I’m just trying to survive my first summer in the Southern Charmed swamp that is Charleston. Carriage rides (and their scent) pervade the city. My house is wilting. All of the mosquitos on the peninsula know where I live. I begrudgingly bought my second pair of shorts and I made the poorly timed decision to cut my bangs, which now glamorously stick to the sweat on my forehead. These are the albums — some recent releases, some old releases I wish I had found a lot sooner — that have helped me trudge past the humidity and get down with the dog days in Travel and Leisure’s No. 1 city.
Desert Center, Guantanamo Baywatch
If you can’t beat the heat, join it with Guantanamo Baywatch’s sweltering new album for late summer. Desert Center is the spooky late night beach party soundtrack straight out of my dreams. I don’t know about you, but I always get a hankering for Halloween around late July. Guantanamo Baywatch scratches this itch with their surf rock guitar riffs and kitschy imagery. Jason Powell’s vocals tremble and whine from the back of his throat with hints of both madness and nostalgia, specifically with love-sickness on the tracks “Neglect” and the slow-burning “Blame Myself.” Elsewhere twangy guitar and pronounced, clamoring drums take us to the Wild West. “Interlude #1” carries us from “Mesa, AZ” into “Witch Stomp” with a voice maniacally cackling and wishing the listener “Happy Halloween!” The wild Desert Center might be the only album as out of control as Charleston’s heat index.
Mirror to Make You, Natural Velvet
It’s well known that hot temperatures increase aggression. Release your rage to the tune of Mirror to Make You, the third album by Baltimore-based post-punk band Natural Velvet. Personal loss and righteous feminist anger gave birth to this album’s confrontational sound, with reverberating guitars and a powerful drum backbone. Frontwoman Corynne Ostermann’s riotous, screeching vocals capture an essence somewhere between Courtney Love and Siouxsie Sioux. Her lyrics pierce the dense instrumentation like bolts of lightning. It’s angry and ugly, but Natural Velvet is simultaneously pretty with softer tracks like “Kristina,” a sort of love song for a best friend. Unlike the sparse, fast instrumentation typical of classic punk songs, Mirror to Make You revels in its sound and roars. This might be the definition of an unapologetic sound. Reminiscent of brooding ’90s post-punk, Mirror is perfectly fit for both sulking indoors to escape the summer climate and for unleashing your feminist anger at the political climate.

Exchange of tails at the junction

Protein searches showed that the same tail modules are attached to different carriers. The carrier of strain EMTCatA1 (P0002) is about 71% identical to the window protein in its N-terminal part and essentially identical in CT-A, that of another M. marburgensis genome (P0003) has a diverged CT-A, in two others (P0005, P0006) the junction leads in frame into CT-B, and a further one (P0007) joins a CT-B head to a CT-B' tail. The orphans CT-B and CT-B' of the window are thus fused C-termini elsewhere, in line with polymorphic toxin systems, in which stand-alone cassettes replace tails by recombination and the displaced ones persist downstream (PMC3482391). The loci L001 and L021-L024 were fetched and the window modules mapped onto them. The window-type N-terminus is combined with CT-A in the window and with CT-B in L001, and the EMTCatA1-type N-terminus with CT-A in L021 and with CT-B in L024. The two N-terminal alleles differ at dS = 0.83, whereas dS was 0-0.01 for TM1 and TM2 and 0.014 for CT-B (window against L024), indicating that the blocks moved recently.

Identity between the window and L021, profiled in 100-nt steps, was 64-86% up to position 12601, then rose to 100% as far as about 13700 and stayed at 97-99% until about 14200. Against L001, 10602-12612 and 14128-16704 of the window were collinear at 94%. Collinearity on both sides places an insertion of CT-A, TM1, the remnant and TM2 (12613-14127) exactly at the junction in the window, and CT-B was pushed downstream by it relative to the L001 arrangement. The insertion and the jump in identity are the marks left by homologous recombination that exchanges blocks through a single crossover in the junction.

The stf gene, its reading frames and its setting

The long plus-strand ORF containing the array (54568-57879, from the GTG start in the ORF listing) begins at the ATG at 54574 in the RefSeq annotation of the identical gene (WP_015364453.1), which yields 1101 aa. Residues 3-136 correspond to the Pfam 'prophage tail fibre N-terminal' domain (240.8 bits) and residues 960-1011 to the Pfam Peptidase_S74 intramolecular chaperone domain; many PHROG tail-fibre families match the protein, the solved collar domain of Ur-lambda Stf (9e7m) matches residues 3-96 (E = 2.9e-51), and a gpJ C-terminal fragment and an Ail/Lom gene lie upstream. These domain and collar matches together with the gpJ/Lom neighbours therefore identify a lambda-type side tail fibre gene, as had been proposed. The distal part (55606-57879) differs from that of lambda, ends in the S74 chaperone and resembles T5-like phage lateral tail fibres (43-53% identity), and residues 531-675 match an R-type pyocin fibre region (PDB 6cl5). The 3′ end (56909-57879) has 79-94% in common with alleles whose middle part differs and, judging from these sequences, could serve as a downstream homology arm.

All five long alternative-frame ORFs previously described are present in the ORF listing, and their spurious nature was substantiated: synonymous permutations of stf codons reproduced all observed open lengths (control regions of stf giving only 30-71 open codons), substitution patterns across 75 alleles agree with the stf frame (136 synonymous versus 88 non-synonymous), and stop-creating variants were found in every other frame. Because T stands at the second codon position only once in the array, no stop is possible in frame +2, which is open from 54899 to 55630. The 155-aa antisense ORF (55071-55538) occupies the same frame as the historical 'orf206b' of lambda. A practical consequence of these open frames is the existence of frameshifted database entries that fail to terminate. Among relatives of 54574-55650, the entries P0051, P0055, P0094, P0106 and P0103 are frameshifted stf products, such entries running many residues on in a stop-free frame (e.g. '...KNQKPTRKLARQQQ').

Soft Sounds from Another Planet, Japanese Breakfast
Michelle Zauner’s second album may be more cinematic and streamlined than Psychopomp, however Soft Sounds from Another Planet retains the experimentation and authenticity of her first lo-fi release. On Soft Sounds from Another Planet, Michelle Zauner has elevated the grittiness of intimacy heard on Psychopomp to cosmic-level reflection and exploration. With airy vocals, sardonic lyrics and plenty of synth-pop, Soft Sounds speaks to life on Earth but delightfully and eerily suggests something beyond. For instance, there are peculiarities lurking beneath the surface of “Road Head,” a hazy, summery track that transitions into the sci-fi narrative “Machinist” with an audio clip of a Juno 6 synthesizer sputtering out, achieving an otherworldly whirring in the process. Elsewhere on the album are passages of distorted grunge guitar, interspersed with purely instrumental tracks. Before you know it this album transports you to another planet. Soft Sounds is all at once silly, self-deprecating, and sublime. “Boyish,” a dreamy, dramatic pop ballad à la Roy Orbison conveys lyrics less romantic than resigned and self-deprecating. Soft Sounds from Another Planet is a beautiful melding of sounds fit for a summer drive to the beach (see: “Road Head”) or for splaying out on your bed under a cacophony of fans, longing for another planet. That being said, this cosmic album coincides beautifully with the eclipse.